Scott Alda Coffey: Initially the film was supposed to premiere at SXSW before the film festival was canceled, and the movie was definitely shot to be seen on the big screen. It’s disappointing that it didn’t fully get those opportunities, but with that being said, I’m really glad that the movie was able to be released. Truthfully, more people were probably able to see it because it was right there in their living rooms. It was tricky to navigate during COVID-19, but I’m glad it’s out in the world and being seen.
TrunkSpace: The film is based on a true story. When you’re working on a project that involves real people – is there a different vibe on set? Is there more of a focus on getting it “right” for the sake of those who lived the experience?
Scott Alda Coffey: One hundred percent that was the main focus of every single person on set. We wanted to honor all the men who fought in the Battle of Kamdesh, as well as all the troops who fought for our country. That was our number one goal. It felt like a big responsibility, but we were all committed to getting it right.
TrunkSpace: For fans, the final product of a film or series is always the most memorable part, but for those involved in a project, we’d imagine it goes much deeper than that. For you, what is something about your time working on The Outpost thus far that you’ll carry with you through the course of your life/career?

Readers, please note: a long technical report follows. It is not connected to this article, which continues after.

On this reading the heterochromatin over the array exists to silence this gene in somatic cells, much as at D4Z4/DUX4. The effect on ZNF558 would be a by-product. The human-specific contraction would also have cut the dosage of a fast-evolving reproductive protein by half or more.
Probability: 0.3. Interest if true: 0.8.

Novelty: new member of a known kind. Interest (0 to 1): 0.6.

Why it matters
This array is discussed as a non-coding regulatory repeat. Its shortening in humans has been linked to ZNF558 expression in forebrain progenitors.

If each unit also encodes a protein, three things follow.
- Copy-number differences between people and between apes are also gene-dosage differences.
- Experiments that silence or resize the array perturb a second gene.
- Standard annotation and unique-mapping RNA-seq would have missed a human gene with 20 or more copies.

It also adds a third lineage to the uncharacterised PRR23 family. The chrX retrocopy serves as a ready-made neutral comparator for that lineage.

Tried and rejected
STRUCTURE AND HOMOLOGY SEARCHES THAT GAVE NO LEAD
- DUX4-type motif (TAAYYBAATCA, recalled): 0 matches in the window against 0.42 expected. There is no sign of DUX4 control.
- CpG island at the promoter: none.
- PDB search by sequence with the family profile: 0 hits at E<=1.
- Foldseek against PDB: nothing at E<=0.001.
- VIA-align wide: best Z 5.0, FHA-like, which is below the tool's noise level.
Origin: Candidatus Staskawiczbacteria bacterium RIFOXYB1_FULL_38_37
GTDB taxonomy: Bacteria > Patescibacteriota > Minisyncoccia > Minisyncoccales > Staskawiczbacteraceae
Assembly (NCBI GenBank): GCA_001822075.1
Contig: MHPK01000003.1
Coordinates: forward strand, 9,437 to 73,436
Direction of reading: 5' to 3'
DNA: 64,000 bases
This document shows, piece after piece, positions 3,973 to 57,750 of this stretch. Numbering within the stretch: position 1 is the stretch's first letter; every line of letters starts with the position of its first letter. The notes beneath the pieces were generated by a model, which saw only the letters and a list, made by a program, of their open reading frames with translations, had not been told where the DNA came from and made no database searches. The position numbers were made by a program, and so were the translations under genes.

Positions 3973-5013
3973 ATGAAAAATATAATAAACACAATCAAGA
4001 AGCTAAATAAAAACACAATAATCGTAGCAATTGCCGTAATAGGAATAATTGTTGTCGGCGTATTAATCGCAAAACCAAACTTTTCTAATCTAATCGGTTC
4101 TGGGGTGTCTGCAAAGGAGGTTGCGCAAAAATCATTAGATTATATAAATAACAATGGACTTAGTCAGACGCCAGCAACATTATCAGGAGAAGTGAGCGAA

Scott Alda Coffey: After having worked on The Outpost, I have a much greater respect for the military and our troops than I did before. I always supported our troops, but now I have more knowledge about them. I was lucky enough to work with a number of vets on the film, and that was so incredibly rewarding.
TrunkSpace: We saw that your grandfather Alan Alda gave you a Twitter shout out a few weeks back for your work in the film. For many young people, having their grandparents call them out on socials can be a horrifying experience, but yours happens to be a legend in the business. How has his guidance helped you traverse what is a pretty difficult industry to navigate?